The Ralph C. Wilson Jr. Foundation’s $2 million donation to the Say Yes Buffalo scholarship program is a testament to the nonprofit’s mission and success in achieving exciting and lofty goals.
This is the largest one-time gift to the scholarship fund. Say Yes is now less than $10 million from its goal of $33 million to pay postsecondary tuition for graduates of Buffalo public and charter schools through 2023.
Say Yes started awarding scholarships to public and charter school graduates in 2013, and has provided 3,000 so far. The payoff has been priceless. As News staff reporter Deidre Williams wrote, of Class of 2013 members with Say Yes scholarships, 57 percent enrolled in four-year colleges and 43 percent in two-year colleges. In 2014, 64 percent enrolled in four-year colleges and 36 percent in two-year colleges. Figures for the Class of 2015 will be available in April.
The influence of the scholarship as a motivator has been noted in this newspaper. The scholarship closes the tuition gap and sometimes offers assistance toward books, fees and room and board for eligible students. It is a game-changer for families that would otherwise struggle to pay for higher education and for students who might get discouraged by the challenge.
Say Yes is much more than scholarships, though. The nonprofit agency’s determination to make a difference drove it to figure out a way to keep young minds engaged over the summer after the Buffalo School District failed its students. In 2012 the district canceled elementary summer school, opting to save money by sending children home with worksheet packets. The following year, then-Superintendent Pamela C. Brown advanced an elementary summer school program, but fewer than half of the thousands of registered children failed to show up the first week and attendance dwindled from there.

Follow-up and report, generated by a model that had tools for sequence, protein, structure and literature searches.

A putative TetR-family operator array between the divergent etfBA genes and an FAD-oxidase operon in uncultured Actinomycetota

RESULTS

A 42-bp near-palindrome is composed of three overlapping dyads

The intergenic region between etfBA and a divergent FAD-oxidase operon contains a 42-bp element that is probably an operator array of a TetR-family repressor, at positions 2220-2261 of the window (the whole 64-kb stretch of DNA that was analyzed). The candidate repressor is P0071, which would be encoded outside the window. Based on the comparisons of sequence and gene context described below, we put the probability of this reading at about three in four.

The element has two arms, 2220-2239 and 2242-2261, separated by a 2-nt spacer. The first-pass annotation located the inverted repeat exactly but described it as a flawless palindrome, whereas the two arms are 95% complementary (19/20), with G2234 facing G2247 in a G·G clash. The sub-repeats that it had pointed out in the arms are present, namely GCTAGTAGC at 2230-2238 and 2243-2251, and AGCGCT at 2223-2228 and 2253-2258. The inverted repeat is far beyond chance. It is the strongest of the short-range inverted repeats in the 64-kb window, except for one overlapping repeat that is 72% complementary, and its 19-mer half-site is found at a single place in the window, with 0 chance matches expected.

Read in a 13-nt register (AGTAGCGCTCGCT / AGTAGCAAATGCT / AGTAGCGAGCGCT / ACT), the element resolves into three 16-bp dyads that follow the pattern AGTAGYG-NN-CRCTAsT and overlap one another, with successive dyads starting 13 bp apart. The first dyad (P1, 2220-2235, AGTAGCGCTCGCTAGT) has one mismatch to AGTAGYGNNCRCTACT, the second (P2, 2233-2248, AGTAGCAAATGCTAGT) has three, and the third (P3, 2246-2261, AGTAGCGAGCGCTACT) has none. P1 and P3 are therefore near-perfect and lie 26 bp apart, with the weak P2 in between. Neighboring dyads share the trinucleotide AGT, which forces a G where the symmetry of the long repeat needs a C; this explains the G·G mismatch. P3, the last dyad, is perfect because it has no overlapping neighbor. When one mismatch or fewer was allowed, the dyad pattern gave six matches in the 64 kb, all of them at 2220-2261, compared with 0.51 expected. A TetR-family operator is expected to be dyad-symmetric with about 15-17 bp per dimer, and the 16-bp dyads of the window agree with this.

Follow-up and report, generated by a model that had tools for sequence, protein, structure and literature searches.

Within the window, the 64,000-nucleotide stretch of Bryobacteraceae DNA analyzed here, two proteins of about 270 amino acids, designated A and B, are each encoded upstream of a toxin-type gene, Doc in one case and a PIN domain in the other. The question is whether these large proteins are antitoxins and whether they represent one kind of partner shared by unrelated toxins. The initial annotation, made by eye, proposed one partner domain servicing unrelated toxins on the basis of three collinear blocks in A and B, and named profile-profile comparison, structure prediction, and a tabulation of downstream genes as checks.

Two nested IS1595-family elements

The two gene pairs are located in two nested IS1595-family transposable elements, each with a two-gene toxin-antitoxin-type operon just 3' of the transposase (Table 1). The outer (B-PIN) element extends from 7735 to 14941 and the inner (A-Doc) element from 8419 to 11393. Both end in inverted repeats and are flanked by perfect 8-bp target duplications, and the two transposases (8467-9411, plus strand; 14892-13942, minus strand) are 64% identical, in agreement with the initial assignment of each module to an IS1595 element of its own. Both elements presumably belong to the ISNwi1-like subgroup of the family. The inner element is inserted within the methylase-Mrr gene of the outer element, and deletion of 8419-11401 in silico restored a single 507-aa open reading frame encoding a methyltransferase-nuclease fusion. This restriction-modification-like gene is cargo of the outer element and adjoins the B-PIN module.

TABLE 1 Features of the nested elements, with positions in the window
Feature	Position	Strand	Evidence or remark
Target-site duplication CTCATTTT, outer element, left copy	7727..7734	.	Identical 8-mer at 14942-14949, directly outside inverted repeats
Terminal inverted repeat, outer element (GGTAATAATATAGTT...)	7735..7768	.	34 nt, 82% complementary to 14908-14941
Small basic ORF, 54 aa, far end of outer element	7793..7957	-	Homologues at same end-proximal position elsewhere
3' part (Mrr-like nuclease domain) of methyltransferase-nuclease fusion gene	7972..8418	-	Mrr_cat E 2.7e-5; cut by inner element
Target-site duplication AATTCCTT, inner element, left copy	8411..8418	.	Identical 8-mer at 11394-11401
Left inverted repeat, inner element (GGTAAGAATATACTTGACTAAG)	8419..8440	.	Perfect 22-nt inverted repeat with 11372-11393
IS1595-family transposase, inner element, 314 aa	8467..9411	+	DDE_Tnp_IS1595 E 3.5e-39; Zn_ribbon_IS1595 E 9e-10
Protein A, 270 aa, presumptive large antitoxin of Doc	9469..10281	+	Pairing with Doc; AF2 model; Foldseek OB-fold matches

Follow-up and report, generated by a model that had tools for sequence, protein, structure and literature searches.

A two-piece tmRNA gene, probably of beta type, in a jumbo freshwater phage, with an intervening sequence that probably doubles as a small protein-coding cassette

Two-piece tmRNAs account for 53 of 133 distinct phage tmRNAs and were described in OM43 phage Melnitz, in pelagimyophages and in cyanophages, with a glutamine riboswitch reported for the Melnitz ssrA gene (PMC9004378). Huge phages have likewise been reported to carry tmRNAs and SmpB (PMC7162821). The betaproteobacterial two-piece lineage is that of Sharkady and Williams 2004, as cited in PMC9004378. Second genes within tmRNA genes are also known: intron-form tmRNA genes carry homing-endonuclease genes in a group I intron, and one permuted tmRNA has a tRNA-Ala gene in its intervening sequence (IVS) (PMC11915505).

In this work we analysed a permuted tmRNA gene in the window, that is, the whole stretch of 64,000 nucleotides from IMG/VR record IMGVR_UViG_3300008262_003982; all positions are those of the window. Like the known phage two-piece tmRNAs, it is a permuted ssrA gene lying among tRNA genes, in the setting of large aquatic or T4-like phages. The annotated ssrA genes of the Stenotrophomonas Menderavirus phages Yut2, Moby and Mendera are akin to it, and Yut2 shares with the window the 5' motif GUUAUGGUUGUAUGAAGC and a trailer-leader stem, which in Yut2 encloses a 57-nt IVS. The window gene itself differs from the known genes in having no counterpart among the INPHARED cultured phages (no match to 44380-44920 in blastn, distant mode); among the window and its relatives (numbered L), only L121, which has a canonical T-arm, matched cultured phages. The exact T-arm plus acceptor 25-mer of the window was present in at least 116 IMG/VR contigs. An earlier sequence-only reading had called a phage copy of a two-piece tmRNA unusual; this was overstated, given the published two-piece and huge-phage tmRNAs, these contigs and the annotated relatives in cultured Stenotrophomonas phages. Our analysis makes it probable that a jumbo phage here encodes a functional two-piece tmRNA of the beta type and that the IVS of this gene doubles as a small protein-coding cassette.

In 2014, Say Yes committed $1.2 million to run a summer program after district officials declined, citing the cost. Even with Say Yes involved, the thousands of registered students again dwindled, and last year district officials decided again to cancel summer school for elementary students. Say Yes refused to give up. Instead, it upped the ante, agreeing to pay $500,000 in exchange for a seven-year expense-sharing agreement with the district for “summer camps” held not in Buffalo schools but community centers and churches.
Free camp – enrichment activities and learning. It is out-of-the-box thinking and determination at work. The district will have to pick up the financial responsibility over time, but by then the summer camps should have proven their worth in delivering enrichment activities and education in a manner that is amenable to these families’ needs.
Say Yes also provides wraparound services for students during the school year. Last October, officials announced they will open 15 new mental health clinics in city schools, bringing the total to 42 clinics operating one to two days a week in 55 schools.
The extraordinarily generous gift was announced by Mary M. Wilson, foundation trustee and widow of the Buffalo Bills’ founding owner. She spoke for many when she said, “We were totally, absolutely amazed – blown away at what they are doing, which is wrapping around what it takes for a student and child to be successful.”
The foundation’s donation will continue to fuel the good work by a remarkable organization.